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Fish & seafood outlook

Fish & seafood outlook

What's happening in the market in July


  • Great news! We’ve fixing our prices on the following fresh products over the summer: Welsh & Scottish Mussels, Devon & Cromer Crab, Native Oysters,Rainbow Trout.
  • Salmon – Prices will firm in July as the Norwegian holiday period creates a supply shortage.
  • Cod & Haddock – Summer holiday season in Iceland too, limited availability of smaller size Cod & Haddock will push prices up.
  • Farmed Bass & Bream – The new Bream season is about to get underway but prices are high as always at the end of the old season. High prices also on Bass as the old season closes.
  • Exotics – Significant shortage of species from the Indian Ocean due to the start of the monsoon season and annual West Coast fishing ban in India.
  • Best of Skipper’s Catch: Plaice, Grey Mullet, Cornish Sardines, Hake.

CURRENCY: The Pound has been under pressure, particularly in the wake of the General Election. It has however, managed to lift itself up from recent lows, also thanks to the recent decision by the Bank of England to keep interest rates unchanged. It is currently trading at $1.275 against USD and within the range between 10.8-10.85 against the Norwegian Kroner. It is expected that the Pound to Euro rate may drop as low a €1.127 from the current  €1.145 as a result of election.  (as of 16th June 2017)


- Weekly volumes have been below 2016 levels in the last few weeks driving a cumulative 15% volume decline, however surplus Scottish stock has pegged prices back in the last fortnight.

- Prices traditionally stay high during July as the Norwegian holiday period creates a supply shortage.

- Historically we have seen pricing drop significantly in August as European holidays reduce demand whilst Norway returns to full production.


- Fish growth in the Mediterranean has slightly improved however, comparing to last year, sea temperatures are still low.

- One of the Turkish Bass farms has already exhausted their stocks; this will have an effect on prices as we are approaching new season in August/September.

- Bream prices will remain high as the season starts in July; we are expecting prices to drop starting with smaller new generation fish in August before moving onto larger grades (600-800g) in September & October.


- Summer holidays in Iceland will affect availability of both species from this country as producers shut for the summer until 10th July.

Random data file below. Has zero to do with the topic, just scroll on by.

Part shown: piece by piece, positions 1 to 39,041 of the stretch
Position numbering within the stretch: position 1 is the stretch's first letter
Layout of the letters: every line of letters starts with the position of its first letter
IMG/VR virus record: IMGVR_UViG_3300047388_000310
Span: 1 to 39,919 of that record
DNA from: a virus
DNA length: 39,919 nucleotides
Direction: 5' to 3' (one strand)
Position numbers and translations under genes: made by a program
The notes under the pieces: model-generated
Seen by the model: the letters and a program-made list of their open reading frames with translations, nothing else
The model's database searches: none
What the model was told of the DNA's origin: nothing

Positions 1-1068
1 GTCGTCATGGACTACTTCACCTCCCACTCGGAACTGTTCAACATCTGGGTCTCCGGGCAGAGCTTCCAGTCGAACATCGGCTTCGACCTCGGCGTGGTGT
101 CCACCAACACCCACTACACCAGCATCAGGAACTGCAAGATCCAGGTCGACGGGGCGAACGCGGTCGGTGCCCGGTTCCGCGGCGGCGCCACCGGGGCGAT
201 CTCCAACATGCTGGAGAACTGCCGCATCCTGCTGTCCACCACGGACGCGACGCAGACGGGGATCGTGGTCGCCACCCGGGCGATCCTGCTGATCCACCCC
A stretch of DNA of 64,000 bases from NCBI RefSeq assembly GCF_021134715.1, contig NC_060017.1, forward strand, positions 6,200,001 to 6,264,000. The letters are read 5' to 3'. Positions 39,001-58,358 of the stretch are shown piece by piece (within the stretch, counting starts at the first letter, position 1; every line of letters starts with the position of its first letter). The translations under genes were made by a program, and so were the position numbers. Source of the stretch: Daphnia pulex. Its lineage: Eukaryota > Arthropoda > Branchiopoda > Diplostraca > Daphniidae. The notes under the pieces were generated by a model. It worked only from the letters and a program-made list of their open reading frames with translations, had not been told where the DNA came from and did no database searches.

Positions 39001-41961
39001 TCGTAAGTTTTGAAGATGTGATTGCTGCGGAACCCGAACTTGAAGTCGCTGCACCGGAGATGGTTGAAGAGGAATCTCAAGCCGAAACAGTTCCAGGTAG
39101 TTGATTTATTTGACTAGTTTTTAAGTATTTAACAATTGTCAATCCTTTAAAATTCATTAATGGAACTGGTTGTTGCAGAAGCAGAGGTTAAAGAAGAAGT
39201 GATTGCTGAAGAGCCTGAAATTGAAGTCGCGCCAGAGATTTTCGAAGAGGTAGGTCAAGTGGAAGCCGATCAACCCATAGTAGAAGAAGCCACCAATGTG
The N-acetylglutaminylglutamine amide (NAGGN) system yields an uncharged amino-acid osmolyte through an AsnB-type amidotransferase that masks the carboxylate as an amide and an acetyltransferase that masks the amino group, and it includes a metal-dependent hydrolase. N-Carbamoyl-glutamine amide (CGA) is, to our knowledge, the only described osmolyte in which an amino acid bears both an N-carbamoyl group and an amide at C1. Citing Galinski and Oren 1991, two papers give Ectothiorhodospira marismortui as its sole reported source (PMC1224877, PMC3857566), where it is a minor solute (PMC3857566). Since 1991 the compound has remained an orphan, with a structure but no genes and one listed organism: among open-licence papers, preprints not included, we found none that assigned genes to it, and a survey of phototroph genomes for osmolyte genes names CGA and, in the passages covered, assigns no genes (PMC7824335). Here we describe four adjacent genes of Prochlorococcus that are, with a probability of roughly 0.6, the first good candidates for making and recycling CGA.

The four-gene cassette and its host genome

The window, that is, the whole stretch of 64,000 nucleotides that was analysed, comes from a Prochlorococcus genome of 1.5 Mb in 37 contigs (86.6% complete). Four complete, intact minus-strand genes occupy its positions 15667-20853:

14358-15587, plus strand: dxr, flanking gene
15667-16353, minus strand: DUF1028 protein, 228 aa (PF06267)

- We should see more larger size Cod available from Norway while Codlings will be in shorter supply.

- The Norwegian fleet is now moving over to line catching Haddock which are also of a larger size at this time of year as the mature fish return from the spawning grounds.

- Availability of Haddock in sizes 5-6oz and 6-8oz will be limited.


- There is a significant shortage of Tuna with landings affected by monsoon weather in the Indian Ocean combined with the annual fishing ban on the West Coast of India. Availability from that region will continue to be patchy and affect prices from other locations.

- No supply issues anticipated on Swordfish from Chile where landings remain strong. Prices will stay firm though, as we see shortages from the other major origins such as India, Sri Lanka and the Seychelles.


- The main Dover Sole season is now over until September/October with very few fish being landed at premium prices.

- UK catches of smaller size Lemon Sole should be reasonable but larger grades 16oz+ will continue fetching higher prices due to low landings.

- The English Channel quota on Megrim has been reduced by 25% this year. In addition, favourable exchange rate makes it more profitable to export it.


- Brown Shrimps – North Atlantic Shrimps are coming towards the end of the season, prices are soaring as the availability gradually declines.

- Squid – Low landings due to the end of the UK season.

- Meagre – As we are awaiting new generation of fish from Greece to enter the market, the fluctuating exchange rates keep prices firm.


- High prices continue on Atlantic Cod raw material due to:

  • strong demand from all markets,
  • lack of volume in the supply chain,
  • poor supply on Pacific Cod,
  • fluctuations in exchange rates.

- Only recently, ICES (International Council for the Exploration of the Seas) has advised that the Barents Sea Atlantic Cod quota should be reduced by 20% from 894,000mt to 712,000mt. This is subject to ratification in October by Russia and Norway who share the quota.

- Haddock raw material price YOY is c. 30% higher on the back of stronger demand and lack of raw material. ICES has advised that the Barents Sea Haddock quota is cut by 13% to 202,000mt; to be agreed in October.

- Frozen At Sea (FAS) Haddock in 5-8oz is only available in small amounts at this time of year. Cod 16-32oz is very limited in any volume and prices remain high, versus more plentiful 8-16oz option.


- Raw material prices remain high with no sign of softening.

- Price rises have been driven by a number of factors:

  • Low Chinese production has meant increased imports to China.
  • Controls on cash in India have restricted payments to farmers who have not always been able to afford to restock ponds.
  • Vietnamese production has not fully recovered from the droughts last year.

- We have now started seeing gradual improvement in availability.

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